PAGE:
Published by: Henry Holt and Co.
Date released: 10/07/2018
Date read: 01/02/2021
*CONTAINS SENSITIVE CONTENT*
Lea Kirino is a ‘Lifer’, which means that a roll of the genetic dice has given her the potential to live forever – if she does everything right. And Lea is an overachiever. She’s a successful trader on the New York exchange – where instead of stocks, human organs are now bought and sold – she has a beautiful apartment and a fiancé who rivals her in genetic perfection. And with the right balance of HealthTech™, rigorous juicing, and low-impact exercise, she might never die.
But Lea’s perfect life is turned upside down when she spots her estranged father on a crowded sidewalk. His return marks the beginning of her downfall as she is drawn into his mysterious world of the Suicide Club, a network of powerful individuals and rebels who reject society’s pursuit of immortality, and instead chose to live – and die – on their own terms. In this future world, death is not only taboo; it’s also highly illegal. Soon Lea is forced to choose between a sanitised immortal existence and a short, bittersweet time with a man she has never really known, but who is the only family she has left in the world.
Being Rachel Heng’s debut novel, I obviously hadn’t heard of her before or had any preconceptions about her writing style, so went into this book completely blind, which I think is good as it means you don’t have any expectations. This was also a case of judging a book by its cover, which I know you’re not meant to do. It came up on my phone as a recommended read and I thought the cover looked really interesting, and before I knew it, it was in my online basket.
I found it a really compelling story and well written and a real joy to read. The only slight negative I can say about it, is I found the characters a bit confusing. There are two main characters in this book, and we follow their story stories; first as individuals, and then together as their worlds being to collide. Occasionally as I was reading it, I lose who I was actually reading about which meant I sometimes had to flick back to find out whose story we were in. It became easier once they met and their stories become intertwined.
The book has thrown up a lot of controversial questions. What does it mean to be alive? Is immortality really worth it? If you could live forever, what would you live for?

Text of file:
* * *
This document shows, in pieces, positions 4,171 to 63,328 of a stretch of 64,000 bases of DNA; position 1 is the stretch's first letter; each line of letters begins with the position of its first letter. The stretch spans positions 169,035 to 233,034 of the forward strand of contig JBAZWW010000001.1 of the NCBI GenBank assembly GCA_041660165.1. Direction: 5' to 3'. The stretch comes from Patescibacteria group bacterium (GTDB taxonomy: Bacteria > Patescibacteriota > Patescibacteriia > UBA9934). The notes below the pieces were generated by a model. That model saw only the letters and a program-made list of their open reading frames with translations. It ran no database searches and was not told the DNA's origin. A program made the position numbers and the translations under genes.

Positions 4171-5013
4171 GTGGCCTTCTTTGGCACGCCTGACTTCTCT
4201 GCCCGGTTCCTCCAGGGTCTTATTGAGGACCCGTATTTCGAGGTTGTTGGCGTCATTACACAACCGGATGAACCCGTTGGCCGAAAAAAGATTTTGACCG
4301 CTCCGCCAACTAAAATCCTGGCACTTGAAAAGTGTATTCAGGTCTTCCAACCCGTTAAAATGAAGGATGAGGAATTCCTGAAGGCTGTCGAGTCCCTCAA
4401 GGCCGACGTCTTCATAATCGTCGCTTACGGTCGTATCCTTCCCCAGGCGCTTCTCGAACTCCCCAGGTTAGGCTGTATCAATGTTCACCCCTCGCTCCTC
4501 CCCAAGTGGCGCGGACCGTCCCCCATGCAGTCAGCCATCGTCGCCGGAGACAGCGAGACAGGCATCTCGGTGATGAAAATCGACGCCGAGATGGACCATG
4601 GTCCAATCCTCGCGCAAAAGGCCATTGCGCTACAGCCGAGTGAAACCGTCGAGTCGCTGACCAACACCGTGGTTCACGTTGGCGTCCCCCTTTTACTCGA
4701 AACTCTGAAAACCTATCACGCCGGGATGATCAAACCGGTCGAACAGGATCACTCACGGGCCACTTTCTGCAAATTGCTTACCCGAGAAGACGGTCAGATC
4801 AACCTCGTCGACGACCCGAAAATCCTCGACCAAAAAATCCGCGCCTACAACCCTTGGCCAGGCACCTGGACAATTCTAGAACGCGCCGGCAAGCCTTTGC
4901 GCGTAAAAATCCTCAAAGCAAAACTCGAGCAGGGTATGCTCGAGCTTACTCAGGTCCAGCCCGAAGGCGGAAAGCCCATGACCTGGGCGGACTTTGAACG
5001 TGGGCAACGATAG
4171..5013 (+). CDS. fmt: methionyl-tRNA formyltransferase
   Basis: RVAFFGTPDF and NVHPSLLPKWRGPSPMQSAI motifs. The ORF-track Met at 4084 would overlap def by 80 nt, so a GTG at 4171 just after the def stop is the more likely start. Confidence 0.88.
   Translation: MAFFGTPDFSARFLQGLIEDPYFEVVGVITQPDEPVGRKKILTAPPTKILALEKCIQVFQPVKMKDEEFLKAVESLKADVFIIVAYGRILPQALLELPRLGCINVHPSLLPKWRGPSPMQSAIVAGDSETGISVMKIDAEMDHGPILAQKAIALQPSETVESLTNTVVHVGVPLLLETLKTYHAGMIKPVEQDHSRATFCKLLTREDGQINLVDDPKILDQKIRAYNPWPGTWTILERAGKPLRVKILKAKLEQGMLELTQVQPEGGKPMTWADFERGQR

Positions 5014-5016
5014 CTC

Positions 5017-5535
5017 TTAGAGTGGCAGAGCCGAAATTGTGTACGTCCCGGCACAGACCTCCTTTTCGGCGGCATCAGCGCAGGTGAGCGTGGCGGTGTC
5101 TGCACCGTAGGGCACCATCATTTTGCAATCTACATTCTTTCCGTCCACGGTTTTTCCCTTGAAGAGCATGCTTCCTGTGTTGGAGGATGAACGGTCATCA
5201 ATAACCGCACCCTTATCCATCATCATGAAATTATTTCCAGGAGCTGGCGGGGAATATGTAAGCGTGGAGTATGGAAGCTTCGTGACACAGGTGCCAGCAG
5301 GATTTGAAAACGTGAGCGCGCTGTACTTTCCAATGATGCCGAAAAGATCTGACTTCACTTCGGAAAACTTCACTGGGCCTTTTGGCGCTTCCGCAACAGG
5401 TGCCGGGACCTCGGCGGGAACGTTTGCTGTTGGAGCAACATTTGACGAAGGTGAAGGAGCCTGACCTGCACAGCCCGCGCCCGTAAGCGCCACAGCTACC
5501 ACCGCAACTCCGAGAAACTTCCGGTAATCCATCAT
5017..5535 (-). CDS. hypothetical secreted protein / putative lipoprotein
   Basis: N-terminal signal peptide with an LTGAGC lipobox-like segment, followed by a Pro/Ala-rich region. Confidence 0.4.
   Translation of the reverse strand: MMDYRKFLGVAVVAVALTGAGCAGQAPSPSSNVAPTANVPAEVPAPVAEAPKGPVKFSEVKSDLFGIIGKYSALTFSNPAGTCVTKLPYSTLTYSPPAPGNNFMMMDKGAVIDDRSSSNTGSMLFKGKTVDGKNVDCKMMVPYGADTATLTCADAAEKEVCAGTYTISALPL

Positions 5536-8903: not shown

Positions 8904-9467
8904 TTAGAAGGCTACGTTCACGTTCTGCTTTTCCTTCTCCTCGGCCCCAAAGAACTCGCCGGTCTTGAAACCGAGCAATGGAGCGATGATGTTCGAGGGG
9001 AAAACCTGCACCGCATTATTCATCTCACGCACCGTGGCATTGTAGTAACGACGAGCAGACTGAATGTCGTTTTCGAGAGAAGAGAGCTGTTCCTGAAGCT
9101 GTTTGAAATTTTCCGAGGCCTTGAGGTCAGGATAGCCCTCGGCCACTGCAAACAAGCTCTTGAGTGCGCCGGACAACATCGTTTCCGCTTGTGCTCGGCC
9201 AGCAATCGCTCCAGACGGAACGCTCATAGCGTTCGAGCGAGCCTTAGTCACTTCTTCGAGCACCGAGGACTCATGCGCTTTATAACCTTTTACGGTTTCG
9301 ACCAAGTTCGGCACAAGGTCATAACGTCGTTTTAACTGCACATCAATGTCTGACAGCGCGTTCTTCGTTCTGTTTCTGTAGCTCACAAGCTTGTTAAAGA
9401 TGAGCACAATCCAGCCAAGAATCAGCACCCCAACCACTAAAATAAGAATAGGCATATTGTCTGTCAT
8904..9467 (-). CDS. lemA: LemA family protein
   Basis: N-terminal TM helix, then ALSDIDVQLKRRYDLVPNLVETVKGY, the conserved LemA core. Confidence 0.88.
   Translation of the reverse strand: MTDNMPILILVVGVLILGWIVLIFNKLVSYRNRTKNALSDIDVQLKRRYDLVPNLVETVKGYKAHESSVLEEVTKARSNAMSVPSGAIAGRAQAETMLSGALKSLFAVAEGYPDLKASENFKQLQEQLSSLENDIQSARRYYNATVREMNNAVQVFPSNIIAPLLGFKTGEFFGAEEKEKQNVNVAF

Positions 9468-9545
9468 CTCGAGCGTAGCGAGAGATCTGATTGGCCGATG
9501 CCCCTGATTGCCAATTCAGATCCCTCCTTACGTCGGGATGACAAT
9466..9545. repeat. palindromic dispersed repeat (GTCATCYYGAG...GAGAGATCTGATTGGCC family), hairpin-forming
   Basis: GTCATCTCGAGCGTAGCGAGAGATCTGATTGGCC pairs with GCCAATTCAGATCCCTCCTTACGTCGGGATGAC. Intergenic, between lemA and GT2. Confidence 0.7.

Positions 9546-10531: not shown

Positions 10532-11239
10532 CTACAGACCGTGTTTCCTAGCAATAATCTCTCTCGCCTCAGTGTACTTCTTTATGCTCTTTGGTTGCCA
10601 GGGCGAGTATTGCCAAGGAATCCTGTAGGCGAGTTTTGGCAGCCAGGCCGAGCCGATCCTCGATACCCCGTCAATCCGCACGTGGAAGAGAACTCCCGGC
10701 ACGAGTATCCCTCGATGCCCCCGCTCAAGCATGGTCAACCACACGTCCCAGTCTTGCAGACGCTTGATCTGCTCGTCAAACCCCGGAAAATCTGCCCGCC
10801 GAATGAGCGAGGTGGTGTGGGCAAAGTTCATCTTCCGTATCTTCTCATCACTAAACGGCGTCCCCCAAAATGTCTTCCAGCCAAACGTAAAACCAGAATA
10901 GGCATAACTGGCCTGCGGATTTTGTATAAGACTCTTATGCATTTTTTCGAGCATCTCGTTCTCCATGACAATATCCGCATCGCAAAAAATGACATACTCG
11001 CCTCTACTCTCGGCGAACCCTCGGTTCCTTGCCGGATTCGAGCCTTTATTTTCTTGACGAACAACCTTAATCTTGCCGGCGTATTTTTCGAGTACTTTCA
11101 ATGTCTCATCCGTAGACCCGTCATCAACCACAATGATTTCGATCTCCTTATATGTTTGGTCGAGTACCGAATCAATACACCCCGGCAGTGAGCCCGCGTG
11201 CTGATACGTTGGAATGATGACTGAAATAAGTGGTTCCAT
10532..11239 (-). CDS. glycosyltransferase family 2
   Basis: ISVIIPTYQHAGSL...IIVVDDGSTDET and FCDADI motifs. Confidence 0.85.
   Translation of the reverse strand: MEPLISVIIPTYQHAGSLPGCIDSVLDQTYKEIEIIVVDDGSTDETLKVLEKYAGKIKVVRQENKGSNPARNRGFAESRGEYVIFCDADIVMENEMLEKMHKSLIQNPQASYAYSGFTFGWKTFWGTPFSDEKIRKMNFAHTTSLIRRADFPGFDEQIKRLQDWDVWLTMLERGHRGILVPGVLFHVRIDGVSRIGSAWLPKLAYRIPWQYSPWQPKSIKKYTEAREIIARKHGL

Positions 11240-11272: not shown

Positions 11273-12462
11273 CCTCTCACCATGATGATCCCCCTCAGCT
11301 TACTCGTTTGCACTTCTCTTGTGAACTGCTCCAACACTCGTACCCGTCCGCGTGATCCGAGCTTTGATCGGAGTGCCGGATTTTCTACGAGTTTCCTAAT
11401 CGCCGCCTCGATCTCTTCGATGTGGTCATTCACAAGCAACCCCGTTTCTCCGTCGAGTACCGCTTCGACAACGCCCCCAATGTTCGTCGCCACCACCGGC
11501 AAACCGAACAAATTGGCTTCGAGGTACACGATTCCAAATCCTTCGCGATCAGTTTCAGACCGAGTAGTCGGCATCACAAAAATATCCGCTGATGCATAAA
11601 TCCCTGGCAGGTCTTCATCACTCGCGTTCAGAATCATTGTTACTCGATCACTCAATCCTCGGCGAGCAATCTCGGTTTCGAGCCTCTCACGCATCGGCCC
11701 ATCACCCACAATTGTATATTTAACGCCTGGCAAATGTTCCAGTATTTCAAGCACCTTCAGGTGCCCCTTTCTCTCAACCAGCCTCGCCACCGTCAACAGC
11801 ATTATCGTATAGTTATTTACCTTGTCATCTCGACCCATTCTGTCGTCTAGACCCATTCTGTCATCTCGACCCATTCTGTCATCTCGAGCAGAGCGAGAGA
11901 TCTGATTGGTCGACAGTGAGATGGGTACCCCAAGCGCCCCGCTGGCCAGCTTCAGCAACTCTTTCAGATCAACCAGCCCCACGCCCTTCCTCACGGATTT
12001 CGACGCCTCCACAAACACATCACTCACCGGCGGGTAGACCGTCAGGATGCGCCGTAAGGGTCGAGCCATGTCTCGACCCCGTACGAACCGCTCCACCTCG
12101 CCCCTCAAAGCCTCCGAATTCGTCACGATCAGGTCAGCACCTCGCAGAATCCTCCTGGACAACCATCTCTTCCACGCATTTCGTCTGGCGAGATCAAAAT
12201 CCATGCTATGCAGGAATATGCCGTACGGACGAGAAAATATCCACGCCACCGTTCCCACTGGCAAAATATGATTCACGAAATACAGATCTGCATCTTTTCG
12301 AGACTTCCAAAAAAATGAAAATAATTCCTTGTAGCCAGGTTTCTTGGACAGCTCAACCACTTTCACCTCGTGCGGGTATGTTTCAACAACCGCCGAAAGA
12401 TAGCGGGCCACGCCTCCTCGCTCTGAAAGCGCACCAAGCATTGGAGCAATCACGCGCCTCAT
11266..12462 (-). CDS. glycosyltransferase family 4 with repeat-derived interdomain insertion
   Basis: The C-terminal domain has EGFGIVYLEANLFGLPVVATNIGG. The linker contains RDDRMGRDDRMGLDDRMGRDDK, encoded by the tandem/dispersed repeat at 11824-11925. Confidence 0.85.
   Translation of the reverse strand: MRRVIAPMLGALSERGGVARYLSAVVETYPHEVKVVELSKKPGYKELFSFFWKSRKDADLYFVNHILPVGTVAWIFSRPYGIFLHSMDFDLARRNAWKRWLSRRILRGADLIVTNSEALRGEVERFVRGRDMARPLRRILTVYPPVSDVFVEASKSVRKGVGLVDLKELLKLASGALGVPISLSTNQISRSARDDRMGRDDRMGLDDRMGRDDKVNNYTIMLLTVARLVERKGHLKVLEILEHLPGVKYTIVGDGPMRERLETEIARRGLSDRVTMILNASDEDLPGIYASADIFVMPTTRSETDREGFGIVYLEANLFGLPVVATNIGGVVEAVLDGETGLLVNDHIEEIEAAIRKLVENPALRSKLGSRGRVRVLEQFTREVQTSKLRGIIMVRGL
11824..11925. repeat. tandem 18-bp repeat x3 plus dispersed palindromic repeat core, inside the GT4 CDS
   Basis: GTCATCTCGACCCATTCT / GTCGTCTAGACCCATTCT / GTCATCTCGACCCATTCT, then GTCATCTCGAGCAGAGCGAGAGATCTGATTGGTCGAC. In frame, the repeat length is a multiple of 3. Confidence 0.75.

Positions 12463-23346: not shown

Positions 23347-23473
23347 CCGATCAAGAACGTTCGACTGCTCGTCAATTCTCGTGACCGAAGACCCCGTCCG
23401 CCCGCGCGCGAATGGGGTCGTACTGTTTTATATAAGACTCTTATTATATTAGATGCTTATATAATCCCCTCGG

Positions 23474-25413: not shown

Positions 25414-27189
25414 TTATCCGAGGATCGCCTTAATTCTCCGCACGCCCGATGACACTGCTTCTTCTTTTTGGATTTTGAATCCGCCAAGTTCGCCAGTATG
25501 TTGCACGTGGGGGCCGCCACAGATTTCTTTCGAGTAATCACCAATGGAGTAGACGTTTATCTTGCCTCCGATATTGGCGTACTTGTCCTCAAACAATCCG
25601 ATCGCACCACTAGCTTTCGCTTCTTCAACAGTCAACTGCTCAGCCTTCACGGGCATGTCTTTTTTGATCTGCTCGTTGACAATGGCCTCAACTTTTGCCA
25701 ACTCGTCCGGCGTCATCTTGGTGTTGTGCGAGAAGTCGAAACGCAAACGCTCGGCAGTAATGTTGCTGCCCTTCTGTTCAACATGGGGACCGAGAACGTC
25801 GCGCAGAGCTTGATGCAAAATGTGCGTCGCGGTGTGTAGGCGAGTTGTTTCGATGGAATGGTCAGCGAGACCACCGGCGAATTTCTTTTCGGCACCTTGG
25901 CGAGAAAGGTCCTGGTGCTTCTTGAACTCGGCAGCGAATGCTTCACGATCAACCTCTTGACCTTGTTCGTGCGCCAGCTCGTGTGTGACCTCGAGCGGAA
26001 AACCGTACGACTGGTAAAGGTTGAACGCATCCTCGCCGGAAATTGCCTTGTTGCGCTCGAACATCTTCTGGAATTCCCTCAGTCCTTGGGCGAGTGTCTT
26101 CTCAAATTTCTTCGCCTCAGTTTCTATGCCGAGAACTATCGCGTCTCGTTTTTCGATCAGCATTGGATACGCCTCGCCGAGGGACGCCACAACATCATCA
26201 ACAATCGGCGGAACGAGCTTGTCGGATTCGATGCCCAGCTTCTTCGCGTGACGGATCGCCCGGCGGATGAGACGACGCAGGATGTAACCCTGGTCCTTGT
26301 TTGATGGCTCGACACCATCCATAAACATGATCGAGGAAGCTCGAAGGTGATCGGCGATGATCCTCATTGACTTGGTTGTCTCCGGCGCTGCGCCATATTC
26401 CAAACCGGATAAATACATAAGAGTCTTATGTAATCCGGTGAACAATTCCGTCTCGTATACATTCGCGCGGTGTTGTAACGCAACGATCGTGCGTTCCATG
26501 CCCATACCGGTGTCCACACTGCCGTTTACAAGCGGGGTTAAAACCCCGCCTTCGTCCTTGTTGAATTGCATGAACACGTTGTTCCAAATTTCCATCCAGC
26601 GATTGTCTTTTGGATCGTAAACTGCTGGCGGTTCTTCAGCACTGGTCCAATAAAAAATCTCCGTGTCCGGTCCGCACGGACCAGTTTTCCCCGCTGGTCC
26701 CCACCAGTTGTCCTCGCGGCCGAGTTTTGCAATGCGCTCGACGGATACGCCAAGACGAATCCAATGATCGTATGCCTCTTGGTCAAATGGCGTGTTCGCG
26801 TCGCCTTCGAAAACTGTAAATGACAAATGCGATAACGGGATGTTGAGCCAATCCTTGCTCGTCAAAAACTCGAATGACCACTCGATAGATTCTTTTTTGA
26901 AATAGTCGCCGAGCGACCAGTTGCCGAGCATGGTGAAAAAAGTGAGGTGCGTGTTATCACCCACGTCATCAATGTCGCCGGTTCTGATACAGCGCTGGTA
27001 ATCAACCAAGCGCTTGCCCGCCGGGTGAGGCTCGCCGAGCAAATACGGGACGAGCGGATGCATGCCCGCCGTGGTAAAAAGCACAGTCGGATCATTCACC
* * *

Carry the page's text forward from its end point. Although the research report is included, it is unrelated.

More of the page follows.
Rather trivially, I compare it to people who lose a lot of weight. I agree that some people who have lost a lot of weight have needed to for health reasons, which is fine, do what you need to do. But I remember reading an article on someone who had lost a massive amount of weight for their health, but they had stopped enjoying things in the process. They often craved a bowl of pasta but wouldn’t give in to that much carbs. They were gifted a lovely hamper as a Christmas present but they gave it al away as it contained alcohol and biscuits and the like. Now, I don’t judge people. If you feel that’s the only way you will keep healthy then by all means do what you need to do. But I ask: what is the point of adding a few extra years to your life if it means you’re missing out on all the pleasures that would make those extra years enjoyable?
In the Suicide Club, people who want to live forever are not allowed to eat processed or sugary food, no high-sugar fruit, no alcohol, no caffeine; they are not allowed to partake in high-impact sports as it might affect their knees or other joints; they must limit their stress levels to prevent high levels of cortisol; they cannot listen to particular music or watch particular shows; and they cannot even mention death for fear of being arrested.
I for one would rather live a ‘mortal’ life, enjoying good food and drink and good company, than live forever but not be in control of my own pleasures. Where’s the fun in that?